Scientists have found that 40% of wild deer in parts of the U.S. had neutralizing antibodies for the coronavirus, suggestingfrom humans in what is reportedly the first documentation of widespread exposure to the virus in free-roaming animals. Researchers from the U.S. Department of Agriculture studied 624 pre- and post-pandemic serum samples from wild deer in five U.S. states for exposure to SARS-CoV-2 and detected antibodies in 152 pieces — 40% — from 2021.
“SARS-CoV-2, the virus that causes COVID-19 in humans can infect multiple domestic and wild animal species. Thus, the possibility exists for the emergence of new animal reservoirs of SARS-CoV-2, each with a unique potential to maintain, disseminate, and drive novel evolution of this virus,” the authors wrote in their study, published in bioRxiv. “Of are abundant wildlife species that live in close association with human populations.”
Researchers collected 385 wild white-tailed deer serum samples from January through March from Michigan, Pennsylvania, Illinois, and New York.from wildlife sample archives from the USDA’s National Wildlife Disease Program to study 239 wild white-tailed deer samples from 2011 to 2020 from the four states and New Jersey. However, most of the archive samples were from 2018 to 2020. Of the 2021 samples, Michigan had the highest prevalence of coronavirus antibodies among its white-tailed deer at 67%, while Illinois had the lowest at 7%. Meanwhile, antibodies were detected in 31% of the white-tailed deer from New York and 44% from Pennsylvania.
Dr. William Schaffner, anspecialist at Vanderbilt University who was not involved in the study, said the researchers’ findings give a “somewhat startling new aspect” to the epidemiology of COVID-19. He added that it also raises the question of whether this wild species could become a reservoir for the virus, continue to multiply, mutate, and transmit back to humans. “This is not just an occasional one-off infection, and this is serological evidence that wild deer have a fairly widespread infection with COVID-19,” Dr. Schaffner said. “This should be a big surprise to just about anybody, and nobody anticipated this was spreading in a wildlife species.”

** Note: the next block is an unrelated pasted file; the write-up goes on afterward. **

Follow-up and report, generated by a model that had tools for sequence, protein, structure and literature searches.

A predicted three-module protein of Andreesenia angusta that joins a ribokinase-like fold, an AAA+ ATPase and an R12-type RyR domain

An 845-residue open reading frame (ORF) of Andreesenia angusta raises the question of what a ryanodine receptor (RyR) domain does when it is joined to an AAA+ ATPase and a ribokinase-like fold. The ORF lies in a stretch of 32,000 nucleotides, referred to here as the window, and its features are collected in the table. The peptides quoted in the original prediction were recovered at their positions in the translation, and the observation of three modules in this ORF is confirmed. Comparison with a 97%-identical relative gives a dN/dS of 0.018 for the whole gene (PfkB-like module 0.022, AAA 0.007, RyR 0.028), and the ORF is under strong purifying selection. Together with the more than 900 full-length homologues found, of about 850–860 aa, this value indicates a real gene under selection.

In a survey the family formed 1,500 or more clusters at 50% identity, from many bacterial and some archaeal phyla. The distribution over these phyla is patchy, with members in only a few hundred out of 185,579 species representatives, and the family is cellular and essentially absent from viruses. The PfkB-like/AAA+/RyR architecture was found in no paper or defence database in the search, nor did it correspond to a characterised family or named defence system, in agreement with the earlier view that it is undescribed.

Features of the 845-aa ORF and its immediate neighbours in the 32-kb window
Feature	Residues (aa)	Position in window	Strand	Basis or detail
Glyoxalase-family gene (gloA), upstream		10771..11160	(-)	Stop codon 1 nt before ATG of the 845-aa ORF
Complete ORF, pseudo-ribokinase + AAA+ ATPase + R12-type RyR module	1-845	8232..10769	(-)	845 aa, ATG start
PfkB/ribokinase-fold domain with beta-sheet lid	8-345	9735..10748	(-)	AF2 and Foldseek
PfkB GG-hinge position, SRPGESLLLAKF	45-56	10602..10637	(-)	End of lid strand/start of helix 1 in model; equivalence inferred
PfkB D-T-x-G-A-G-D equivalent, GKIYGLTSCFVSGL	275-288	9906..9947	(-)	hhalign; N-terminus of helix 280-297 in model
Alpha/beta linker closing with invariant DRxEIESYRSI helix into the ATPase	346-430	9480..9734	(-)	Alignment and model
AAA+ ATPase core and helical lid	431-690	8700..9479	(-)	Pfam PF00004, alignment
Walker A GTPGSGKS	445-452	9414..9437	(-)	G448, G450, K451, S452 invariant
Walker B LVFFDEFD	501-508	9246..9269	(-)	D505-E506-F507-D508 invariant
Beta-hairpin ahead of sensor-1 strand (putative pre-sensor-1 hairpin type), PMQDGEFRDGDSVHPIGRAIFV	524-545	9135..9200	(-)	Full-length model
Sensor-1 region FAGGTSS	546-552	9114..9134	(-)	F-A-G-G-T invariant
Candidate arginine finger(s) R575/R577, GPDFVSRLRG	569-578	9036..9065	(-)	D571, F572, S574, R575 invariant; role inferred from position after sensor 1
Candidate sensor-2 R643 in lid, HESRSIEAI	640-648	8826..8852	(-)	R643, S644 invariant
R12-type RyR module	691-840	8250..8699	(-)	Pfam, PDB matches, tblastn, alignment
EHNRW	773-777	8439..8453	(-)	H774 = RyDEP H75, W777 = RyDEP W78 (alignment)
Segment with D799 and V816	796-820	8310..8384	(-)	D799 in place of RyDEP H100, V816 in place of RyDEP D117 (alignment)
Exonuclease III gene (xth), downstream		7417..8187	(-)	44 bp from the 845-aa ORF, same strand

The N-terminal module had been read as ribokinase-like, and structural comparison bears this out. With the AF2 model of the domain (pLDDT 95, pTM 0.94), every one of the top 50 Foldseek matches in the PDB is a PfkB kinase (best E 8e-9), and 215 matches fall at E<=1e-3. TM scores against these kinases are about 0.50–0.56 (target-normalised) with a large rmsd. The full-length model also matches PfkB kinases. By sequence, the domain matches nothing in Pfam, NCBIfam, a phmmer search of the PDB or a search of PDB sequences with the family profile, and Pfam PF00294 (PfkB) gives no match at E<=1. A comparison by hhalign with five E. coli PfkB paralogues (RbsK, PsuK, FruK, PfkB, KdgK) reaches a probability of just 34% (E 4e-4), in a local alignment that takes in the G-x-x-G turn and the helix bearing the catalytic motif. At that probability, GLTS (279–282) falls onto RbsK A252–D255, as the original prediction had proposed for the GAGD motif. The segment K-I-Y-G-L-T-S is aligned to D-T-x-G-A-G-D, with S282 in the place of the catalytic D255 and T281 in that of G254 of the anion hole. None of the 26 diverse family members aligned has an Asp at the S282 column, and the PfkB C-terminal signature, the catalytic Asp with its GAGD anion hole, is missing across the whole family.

The researchers also found antibodies in three deer samples from 2020 and one representative from 2019. However, no antibodies were detected in samples from 2011 to 2018. Dr. Amesh Adalja, a senior scholar for Johns Hopkins Center for Health Security, noted that humans pass the coronavirus to other animals and that such incidents don’t “really have a major impact on human health.” “However, they illustrate how this virus is not something amenable to eradication or elimination because it has hosted other than humans,” said Dr. Adalja, who was not involved in the study.
“Any opportunity that thes has to transmit and replicate will lead to more variants. However, regarding the variants, it appears that vaccines can do what matters, stop serious disease, hospitalization, and death,” he added. “Ithat deer infections are a major concern, but it is important to monitor the virus and all the animal species that it infects to understand how the virus is evolving and what traits are being changed by the mutations that accrue.” Since the began, SARS-CoV-2 infections have been reported in cats, dogs, gorillas, lions, tigers, and farmed minks in cases known as zoonotic spillback.
A wild mink in Utahamong farmed minks in the U.S., the High Country News reported. The infected with COVID-19, including a small number of pet dogs and cats. A ferret in Slovenia for SARS-CoV-2. “A few other mammals can be infected with SARS-CoV-2, but we don’t yet know all of the animals that can get infected,” the Centers for Disease Control and Prevention said.